By Remy Kerr, MPH, AMRPA Health Policy and Research Manager
Earlier this month, the Centers for Medicare and Medicaid Services (CMS) issued a second Information Collection Request (ICR) with a 30-day public comment period related to the inpatient rehabilitation facility (IRF) Review Choice Demonstration. This demonstration was initially proposed in December 2020 under the Trump Administration. The proposal seeks to require IRFs in selected areas to choose between either 100 percent pre-claim or 100 percent post-payment review for all Medicare Part A fee-for-service (FFS) claims. Under the pre-claim review choice, IRFs could initiate and continue services prior to the submission of a pre-claim review request, but the IRF must submit the request along with required documentation and have the review completed prior to the final claim for payment being submitted. Under the post-payment review, an IRF would provide services and submit all claims following standard procedures, and then submit the documentation for a medical review to determine medical necessity. The demonstration would begin first in Alabama, and then expand to IRFs in California, Texas, and Pennsylvania. At the time of the initial proposal, CMS asserted this demonstration was proposed “due to the potential for high rates of improper payments” in IRFs and stated that the selected states were chosen due to particularly high rates of improper payments.
In this second ICR, the notice is nearly identical to the first notice. There are, however, some revisions to the proposal within the supplemental materials. In the second notice’s supplemental information, CMS revised the language related to claim reviewers. Instead of “trained nurse reviewers,” CMS has expanded the definition to include “registered nurses, therapists or physician reviewers.” CMS also removed some language included in the initial notice related to documentation requirements. Lastly, CMS revised the pre-claim subsequent review decision timeline from 10 days, as initially proposed, to 5 days.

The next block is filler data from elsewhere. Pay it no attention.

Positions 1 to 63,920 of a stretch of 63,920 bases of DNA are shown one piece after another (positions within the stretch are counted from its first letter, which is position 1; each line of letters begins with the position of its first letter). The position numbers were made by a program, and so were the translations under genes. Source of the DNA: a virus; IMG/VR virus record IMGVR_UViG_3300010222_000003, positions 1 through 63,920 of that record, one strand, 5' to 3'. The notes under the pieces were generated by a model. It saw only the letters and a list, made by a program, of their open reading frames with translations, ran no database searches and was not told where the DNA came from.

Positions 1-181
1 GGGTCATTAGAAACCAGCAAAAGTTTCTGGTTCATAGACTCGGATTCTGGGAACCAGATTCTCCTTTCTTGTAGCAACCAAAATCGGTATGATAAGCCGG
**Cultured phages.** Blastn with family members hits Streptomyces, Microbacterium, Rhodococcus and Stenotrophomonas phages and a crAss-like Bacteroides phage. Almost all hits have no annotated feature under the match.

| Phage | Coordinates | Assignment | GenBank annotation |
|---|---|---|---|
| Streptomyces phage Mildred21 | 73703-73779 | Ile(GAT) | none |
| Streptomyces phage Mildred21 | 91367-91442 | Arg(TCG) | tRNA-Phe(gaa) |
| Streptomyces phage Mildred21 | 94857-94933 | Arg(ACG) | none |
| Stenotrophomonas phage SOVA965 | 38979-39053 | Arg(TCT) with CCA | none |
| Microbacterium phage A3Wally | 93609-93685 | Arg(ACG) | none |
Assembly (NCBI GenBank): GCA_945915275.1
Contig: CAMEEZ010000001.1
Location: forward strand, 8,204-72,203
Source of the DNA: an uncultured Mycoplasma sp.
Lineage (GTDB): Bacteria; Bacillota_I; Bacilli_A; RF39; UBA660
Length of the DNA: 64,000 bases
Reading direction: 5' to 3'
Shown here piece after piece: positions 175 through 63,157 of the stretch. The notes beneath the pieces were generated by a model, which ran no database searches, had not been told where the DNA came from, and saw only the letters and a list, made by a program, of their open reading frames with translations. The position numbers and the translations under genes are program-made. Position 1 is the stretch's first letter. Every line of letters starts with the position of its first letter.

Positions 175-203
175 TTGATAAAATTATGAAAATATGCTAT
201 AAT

CMS also responded to public comments received on the initial ICR. Many of the comments CMS acknowledged included those raised by AMRPA. While CMS has not provided an anticipated start date for the demonstration, the agency states it will take the public health emergency (PHE) into account and “continue to monitor the status of the PHE for potential impact on proposed dates.” CMS also asserted, as it did at the time of the initial proposal, that the agency believes such a demonstration will not create significant burdens on patients or providers as the demonstration does not require any documentation an IRF does not already maintain for Medicare payment.
AMRPA’s comment letter on the first notice is available here. The Association is currently developing our response to the second notice, as well as other advocacy strategies, and will keep members apprised of any developments via this blog, Off the Record newsletter, and other member alerts. AMRPA will also discuss the demonstration during our upcoming 2021 Virtual Fall Educational Conference & Expo. If you have any questions, please contact Kate Beller.